Ferrell North America - Adamana, Arizona - Executive Summary

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The Employees at Ferrell North America (FNA), Adamana, Arizona are strongly committed to employee, public, and environmental safety.  This facility is operated to comply with all applicable federal, state, and local laws and is designed and operated in accordance with NFPA 58 Liquefied Petroleum Gas Code requirements.  In addition, FNA operates this facility in accordance with our internal standards that employs good engineering practice and industry accepted principles and codes.  FNA has instituted operating and training procedures that are designed to provide a safe work environment and protect our neighbors. 
FNA operates a propane storage facility located at 113 County Road 7156.  It is comprised of one Risk Management Plan (RMP)-covered process involving propane.  The primary purpose of this facility is to store and distribute propane to wholesale Customers.  All propane is delivered to the facility by truck, railcar, or pipeline and offloaded into underground storage caverns and 
storage tanks.  Propane is distributed from our storage by transports and railcars to wholesale customers.  No other RMP regulated substances are handled at this facility. 
To evaluate the worst-case release scenario and alternative release scenario, we used the EPA's RMP*COMP TM software.  The following paragraphs provide details of the chosen scenarios. 
In accordance with RMP guidelines, the worst-case scenario for a flammable substance release from this   Storage Caverns and Tanks.  In this scenario 298,856 lb. of Propane is released.  The release quantity has been limited to 85% of the maximum capacity of the source by a system of administrative controls.  It is assumed that the entire quantity is released as a vapor, which finds an ignition source, with 10 percent of the released quantity participating in a vapor cloud explosion.  Under worst case weather conditions, the calculated distance of 0.38 miles is obtained corresponding to an endpoint of 1 psi overpressure. 
The altern 
ative release scenario submitted for Program 2 and 3 flammable substances involves a release from Storage Caverns and Tanks.  The alternative release scenario involves the loss of LPG due to a failure of the flexible hosing used to unload transport trucks.  The unloading hose has a nominal diameter of two inches and is 18 feet in length.  There is an excess flow valve located at the connection between the flexible hose and the hard pipe.  A vapor cloud explosion follows the release.  The release was calculated by the following assumptions: when the hose fails, its entire diameter is available for LPG to escape; and, the ruptured hose does not freeze closed and stop or decrease the amount of LPG released.  Because there are safeguards (excess flow valves) in place that will stop the flow of LPG from the holding tanks and from the truck, only the amount of LPG in the hose itself will be available for release.  The hose will release 0.7 pounds of LPG.  This incident was used in an attempt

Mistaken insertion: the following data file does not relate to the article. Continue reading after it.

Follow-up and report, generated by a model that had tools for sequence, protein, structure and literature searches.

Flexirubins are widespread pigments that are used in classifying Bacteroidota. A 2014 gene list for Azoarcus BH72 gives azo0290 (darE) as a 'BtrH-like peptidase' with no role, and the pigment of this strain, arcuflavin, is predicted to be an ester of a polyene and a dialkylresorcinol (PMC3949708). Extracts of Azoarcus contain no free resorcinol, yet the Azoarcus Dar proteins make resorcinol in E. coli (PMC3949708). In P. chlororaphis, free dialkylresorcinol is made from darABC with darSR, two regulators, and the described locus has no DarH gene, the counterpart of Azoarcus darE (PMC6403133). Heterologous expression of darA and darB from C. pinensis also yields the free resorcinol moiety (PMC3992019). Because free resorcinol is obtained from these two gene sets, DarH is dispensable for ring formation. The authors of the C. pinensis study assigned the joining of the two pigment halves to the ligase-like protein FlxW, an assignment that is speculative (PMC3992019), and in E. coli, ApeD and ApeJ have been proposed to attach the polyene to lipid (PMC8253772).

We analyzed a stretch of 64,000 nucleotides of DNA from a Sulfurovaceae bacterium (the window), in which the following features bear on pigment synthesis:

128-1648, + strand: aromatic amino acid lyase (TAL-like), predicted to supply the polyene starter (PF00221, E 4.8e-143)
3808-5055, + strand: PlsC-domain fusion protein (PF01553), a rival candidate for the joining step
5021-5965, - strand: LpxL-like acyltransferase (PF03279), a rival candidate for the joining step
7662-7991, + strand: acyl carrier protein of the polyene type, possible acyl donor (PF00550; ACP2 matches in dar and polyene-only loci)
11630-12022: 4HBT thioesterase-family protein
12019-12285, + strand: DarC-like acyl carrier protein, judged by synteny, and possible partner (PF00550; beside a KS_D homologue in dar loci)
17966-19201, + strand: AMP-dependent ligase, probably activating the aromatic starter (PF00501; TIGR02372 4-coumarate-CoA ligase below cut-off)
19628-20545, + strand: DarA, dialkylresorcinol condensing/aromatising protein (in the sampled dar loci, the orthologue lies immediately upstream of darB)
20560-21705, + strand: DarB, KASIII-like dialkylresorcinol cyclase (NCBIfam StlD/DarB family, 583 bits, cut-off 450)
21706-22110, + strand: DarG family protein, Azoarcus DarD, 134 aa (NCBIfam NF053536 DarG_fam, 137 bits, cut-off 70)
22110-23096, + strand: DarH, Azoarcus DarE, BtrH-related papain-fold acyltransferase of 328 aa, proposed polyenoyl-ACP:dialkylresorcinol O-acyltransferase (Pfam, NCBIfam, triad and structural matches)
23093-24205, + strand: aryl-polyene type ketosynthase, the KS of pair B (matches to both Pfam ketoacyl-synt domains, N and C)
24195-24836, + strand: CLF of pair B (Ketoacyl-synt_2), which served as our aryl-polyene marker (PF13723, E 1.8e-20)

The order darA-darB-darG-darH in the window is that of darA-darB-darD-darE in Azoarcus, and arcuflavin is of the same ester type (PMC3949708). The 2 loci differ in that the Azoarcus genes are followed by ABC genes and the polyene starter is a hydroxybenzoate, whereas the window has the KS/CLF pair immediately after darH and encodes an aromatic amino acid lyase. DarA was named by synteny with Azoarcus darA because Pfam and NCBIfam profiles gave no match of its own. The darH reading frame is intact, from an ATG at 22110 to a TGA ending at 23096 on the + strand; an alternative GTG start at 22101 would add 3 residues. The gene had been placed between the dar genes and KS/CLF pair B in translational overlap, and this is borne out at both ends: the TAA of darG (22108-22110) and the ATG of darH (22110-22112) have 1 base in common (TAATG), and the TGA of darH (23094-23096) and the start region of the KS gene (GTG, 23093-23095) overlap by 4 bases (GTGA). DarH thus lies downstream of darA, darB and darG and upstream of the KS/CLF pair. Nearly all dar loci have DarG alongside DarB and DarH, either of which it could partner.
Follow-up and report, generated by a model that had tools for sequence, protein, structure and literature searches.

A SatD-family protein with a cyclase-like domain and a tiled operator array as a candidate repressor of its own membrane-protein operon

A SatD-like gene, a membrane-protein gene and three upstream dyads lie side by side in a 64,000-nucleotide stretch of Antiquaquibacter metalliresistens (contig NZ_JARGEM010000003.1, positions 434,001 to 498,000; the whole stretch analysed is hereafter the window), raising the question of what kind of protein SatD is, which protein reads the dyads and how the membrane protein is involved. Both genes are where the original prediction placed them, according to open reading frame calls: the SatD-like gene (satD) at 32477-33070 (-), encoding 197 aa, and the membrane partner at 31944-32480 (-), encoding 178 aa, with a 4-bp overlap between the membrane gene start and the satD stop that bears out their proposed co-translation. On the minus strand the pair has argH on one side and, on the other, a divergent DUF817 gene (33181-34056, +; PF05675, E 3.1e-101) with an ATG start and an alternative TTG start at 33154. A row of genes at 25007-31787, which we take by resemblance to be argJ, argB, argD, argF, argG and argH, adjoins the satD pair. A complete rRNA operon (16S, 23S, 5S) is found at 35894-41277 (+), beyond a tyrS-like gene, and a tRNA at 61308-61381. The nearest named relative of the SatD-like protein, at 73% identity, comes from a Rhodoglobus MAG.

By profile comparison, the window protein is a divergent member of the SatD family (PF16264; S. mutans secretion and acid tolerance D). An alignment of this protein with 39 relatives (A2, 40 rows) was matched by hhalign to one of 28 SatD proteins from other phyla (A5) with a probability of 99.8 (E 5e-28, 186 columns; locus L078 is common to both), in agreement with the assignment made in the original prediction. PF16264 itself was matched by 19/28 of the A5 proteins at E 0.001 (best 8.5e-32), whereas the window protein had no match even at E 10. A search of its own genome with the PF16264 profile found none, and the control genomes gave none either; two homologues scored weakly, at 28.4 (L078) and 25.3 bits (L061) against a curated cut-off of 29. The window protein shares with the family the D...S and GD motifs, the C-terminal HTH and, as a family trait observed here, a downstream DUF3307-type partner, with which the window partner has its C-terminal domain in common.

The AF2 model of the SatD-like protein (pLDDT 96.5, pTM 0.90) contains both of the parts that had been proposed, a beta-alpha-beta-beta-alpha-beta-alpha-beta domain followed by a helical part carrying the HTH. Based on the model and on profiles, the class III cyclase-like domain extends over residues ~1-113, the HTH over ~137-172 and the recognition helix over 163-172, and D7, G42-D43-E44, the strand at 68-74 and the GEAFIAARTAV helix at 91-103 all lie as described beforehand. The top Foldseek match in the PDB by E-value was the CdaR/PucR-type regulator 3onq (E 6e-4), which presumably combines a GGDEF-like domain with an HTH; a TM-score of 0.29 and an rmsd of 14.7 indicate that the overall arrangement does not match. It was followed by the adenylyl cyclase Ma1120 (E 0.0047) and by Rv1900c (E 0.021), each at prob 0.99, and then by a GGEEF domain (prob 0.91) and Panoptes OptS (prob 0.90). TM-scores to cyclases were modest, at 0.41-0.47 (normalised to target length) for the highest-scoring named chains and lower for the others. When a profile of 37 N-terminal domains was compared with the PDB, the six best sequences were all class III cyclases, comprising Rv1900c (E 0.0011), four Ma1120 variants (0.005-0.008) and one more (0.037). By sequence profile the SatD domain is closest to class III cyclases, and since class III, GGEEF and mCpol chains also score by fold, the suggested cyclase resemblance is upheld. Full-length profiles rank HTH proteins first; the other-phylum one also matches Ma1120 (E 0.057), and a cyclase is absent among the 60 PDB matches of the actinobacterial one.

to obtain a release quantity sufficient to predict an offsite impact in a vapor cloud explosion.  Active mitigation systems, excess flow valves, were considered in this case.  The distance to the point of 1psig overpressure is 0.004 mile (21ft).  There are no off-site receptors located within this area. The cavern, by virtue of geological and pressure constraints, is considered passively mitigated by the EPA.  There are seven off-site receptors located within this area. This system is equipped with safety devices to prevent accidental releases, including automatic shutoff valves that respond to excess flow and fire exposure. 
Our facility has taken all the necessary steps to comply with the accidental release prevention requirement set out under 40 CFR part 68 of the EPA.  This facility was designed and constructed in accordance with NFPA-58 Standard, 1967 Edition.  The elements of the release prevention program that are in place at our facility include Process Safety Information, Pro 
cess Hazard Analysis, Operating Procedures, Training, Mechanical Integrity, Management of Change, Compliance Audits, Incident Investigation, Employee Participation, and Contractor selection. 
Ferrell North America(FNA), Adamana, Arizona has had an excellent record of preventing accidental releases over the last five years.  Due to our stringent release prevention policies, there has been no accidental release during this period. 
FNA maintains a written emergency response plan based upon OSHA's Emergency Action Plan to deal with accidental releases of propane.  The plan includes evacuating the area, notification of local emergency response agencies, and providing technical assistance when needed.  The Facility's plan is promptly updated to reflect any pertinent changes taking place within our processes that would require a modified emergency response.  FNA does not perform emergency response as defined by EPA RMP rules.  Our Employees perform incidental response, which is limited to ac 
tions that can be safely taken to stop or prevent a minor release of propane.  In the event of a major release or incident such as a fire, our policy is to depend on the Fire Department to respond with the appropriate trained personnel.  We have coordinated emergency response with the Fire Department and have written procedures in place in the event of an emergency. 
We constantly review our propane operations and procedures to improve safety.  Although not finalized, we are researching new monitoring and surveillance equipment to upgrade safety systems for pipeline operations.  There are no current plans to change our plant configuration.
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